Maybe what manufacturers should do is manufacture sets that can show dozens of channels simultaneously (including time shift capability on each individual channel). Multitasking, brought to TV.
2.7 / 5 (3) Sep 04, 2012

I simply do not beleive that the resolution power of the eye is 83 DPI-meters. The screen I am in front of has ~72 dpi, and I can resolve the black lines between the pixels, which indicates that resolve much more than that.

The "retinal" screens on Iphone has - correct me if I am wrong - ~300 dpi. At a viewing distance of - say - 0.5 meters, this would be completely unecessary if you were right. Do you see a difference between an Iphone screen and one with half the resolution? I do.

Recently, a japanese company (sorry! cannot find the link) made a screen for handheld devices that had an even higher resolution than the "retinal" screen of Apple. The bases were trials where people found it more comfortable reading at this resolution than at 300 dpi (!).

So, regardless of what optical trick the eye uses, clearly we (or at least I) would benefit from higher resolution screens. Of course, it may be that we do not have the same resolution when watching moving pictures.
3 / 5 (2) Sep 04, 2012
I simply do not beleive that the resolution power of the eye is 83 DPI-meters.

The average angular resolving power of the eye is roughly one minute of arc, which is 1/60th of a degree. Project that over 1 meters and you get a spot tan(1/60 deg) ~ 2.9e-4 m in size. Divide 25.4e-3 m (an inch) by that number and you get 87.3 DPI-m.

You would therefore need to be 1.2 meters or four feet from the screen to barely recognize an individual pixel if the screen resolution is 72 DPI.

Per Nyqvist-Shannon, to deliver a perfect picture, the resolution needs to be at least twice that, because on a pixelated monitor, for an arbitrary picture, no single pixel in itself is meaningful. That is because you cannot encode information into a signal at more than half the sampling rate.

The Kell factor demands a further reduction in detail to prevent artifacts from phase differences between the pixel grid and the image source, so the actual detail is roughly 2.2 - 2.9 times less than the resolution.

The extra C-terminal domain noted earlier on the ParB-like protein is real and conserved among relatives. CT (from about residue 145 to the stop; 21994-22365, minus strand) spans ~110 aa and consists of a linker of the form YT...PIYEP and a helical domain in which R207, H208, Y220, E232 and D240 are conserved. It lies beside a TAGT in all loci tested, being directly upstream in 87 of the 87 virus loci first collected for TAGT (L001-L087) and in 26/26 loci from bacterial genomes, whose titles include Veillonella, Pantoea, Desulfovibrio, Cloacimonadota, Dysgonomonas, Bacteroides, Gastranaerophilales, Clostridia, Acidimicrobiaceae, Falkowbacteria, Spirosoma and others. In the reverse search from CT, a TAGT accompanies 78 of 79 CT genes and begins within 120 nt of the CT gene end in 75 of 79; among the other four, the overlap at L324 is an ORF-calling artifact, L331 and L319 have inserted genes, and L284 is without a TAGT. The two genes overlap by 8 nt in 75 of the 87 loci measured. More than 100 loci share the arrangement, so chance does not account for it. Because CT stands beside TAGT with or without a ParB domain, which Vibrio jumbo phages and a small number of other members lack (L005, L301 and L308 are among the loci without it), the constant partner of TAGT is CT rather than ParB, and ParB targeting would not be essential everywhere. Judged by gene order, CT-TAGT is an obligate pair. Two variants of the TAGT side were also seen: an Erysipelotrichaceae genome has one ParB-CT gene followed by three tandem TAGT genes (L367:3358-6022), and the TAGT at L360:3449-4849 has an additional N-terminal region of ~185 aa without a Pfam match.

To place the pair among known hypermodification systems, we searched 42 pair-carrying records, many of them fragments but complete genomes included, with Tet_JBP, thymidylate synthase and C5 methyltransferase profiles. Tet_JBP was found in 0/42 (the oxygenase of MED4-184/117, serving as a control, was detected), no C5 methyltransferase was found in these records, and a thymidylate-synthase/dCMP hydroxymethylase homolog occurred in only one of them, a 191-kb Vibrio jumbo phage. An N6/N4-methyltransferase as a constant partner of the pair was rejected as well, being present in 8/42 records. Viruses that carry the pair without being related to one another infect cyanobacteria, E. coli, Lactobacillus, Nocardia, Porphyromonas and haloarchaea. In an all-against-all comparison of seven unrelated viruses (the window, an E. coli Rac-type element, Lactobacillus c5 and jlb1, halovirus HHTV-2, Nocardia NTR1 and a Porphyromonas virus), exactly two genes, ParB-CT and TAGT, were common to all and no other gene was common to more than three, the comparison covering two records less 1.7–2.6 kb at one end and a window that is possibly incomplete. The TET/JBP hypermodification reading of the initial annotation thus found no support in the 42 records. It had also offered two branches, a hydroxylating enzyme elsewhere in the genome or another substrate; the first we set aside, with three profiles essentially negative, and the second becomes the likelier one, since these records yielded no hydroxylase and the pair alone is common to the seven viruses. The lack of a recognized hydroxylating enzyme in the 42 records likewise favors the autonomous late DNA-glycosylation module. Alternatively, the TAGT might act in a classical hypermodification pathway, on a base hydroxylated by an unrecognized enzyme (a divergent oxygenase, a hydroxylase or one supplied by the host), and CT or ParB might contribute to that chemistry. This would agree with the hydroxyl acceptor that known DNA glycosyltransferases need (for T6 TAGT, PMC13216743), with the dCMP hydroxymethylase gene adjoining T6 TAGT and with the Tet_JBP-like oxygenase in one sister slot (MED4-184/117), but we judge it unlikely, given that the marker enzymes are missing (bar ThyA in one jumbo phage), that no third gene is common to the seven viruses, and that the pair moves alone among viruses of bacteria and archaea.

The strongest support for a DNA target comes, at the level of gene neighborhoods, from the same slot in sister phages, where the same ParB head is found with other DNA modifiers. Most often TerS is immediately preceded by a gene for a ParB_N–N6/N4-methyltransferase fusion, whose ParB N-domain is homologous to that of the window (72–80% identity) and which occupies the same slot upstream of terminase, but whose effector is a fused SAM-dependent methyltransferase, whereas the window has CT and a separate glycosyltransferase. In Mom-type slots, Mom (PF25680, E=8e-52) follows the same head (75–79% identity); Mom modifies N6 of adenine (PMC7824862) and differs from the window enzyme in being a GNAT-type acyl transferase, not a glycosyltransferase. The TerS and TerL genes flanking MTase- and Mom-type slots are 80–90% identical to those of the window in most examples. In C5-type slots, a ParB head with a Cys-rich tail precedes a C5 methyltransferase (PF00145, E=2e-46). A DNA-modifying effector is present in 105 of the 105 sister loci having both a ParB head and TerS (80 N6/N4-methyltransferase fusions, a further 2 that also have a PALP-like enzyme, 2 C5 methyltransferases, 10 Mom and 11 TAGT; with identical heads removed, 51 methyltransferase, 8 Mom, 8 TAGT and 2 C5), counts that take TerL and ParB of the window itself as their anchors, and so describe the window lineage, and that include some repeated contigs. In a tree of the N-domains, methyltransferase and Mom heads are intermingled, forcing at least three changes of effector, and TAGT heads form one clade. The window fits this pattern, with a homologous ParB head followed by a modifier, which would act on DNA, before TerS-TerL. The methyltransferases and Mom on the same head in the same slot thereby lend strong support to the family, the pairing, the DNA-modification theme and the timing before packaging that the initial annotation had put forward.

3 / 5 (2) Sep 04, 2012
People still watch TV?

Agreed. There's nothing on worth watching.

I mostly watch documentaries on Netflix nowadays.

All of you saying you can't tell the difference between 1280x720 and 1920x1080... I don't know is wrong with you, I can tell the difference immediately on any reasonably sized monitor (32" approx.)

Oh, and one more thing, if you are making a distinction between a television and a computer monitor you are living in the past, all modern displays that aren't garbage serve as both.
1 / 5 (2) Sep 04, 2012
Replicating the senses, for example, adaptive optics or acoustics, will dispense altogether with these intermediate, necessary, and primitive (in hindsight),attempts and endeavors to enhance or mimic nature.

Maybe this is just USA TODAY's way to regain the greatest circulation from the Wall Street Journal again.
1 / 5 (1) Sep 04, 2012
What that means is, that if you take a photograph - and we assume it is much higher in resolution than the monitor - and display it on the monitor, the computer must blur the photo until its smallest individual features are 2-3 times larger than the pixels on the monitor. Anything smaller simply gets smeared out and dissapears.

If you didn't, you'd get artifacts like jagged edges and wavy brick walls and picket fences, or powerlines that are cut into floating pieces and vanish in mid-air.

So, to be able to show the perfect picture, the monitor must have a resolution that is 2-3 times what the human eye can resolve at that particular viewing distance.
3 / 5 (2) Sep 05, 2012

Ok, so if we assume 2-3 times higher than 72 dpi, you would end up with 216 dpi at one meter. At 0.5 meters, one would need about 430 dpi. This is aproximately - if I remember correctly - the resolution of the exceptional screen I was referring to above. It would seem that we are agreeing..

At ~400 dpi, you would need ~50 million pixels for a 27 inch screen. It would seems that even 4k is far below what we can appreciate..
1 / 5 (1) Sep 05, 2012
Right, 4k is only 4096x3072, or 12.5m pixels. That's not THAT high of a resolution... that's only 74dpi across a 55" display... I sit about 4ft back from my TV/monitor and can see "jaggies" on diagonal lines at 1920x1080, which tells me that clearly there is room for improvement.

Please sign in to add a comment. Registration is free, and takes less than a minute. Read more

Click here to reset your password.
Sign in to get notified via email when new comments are made.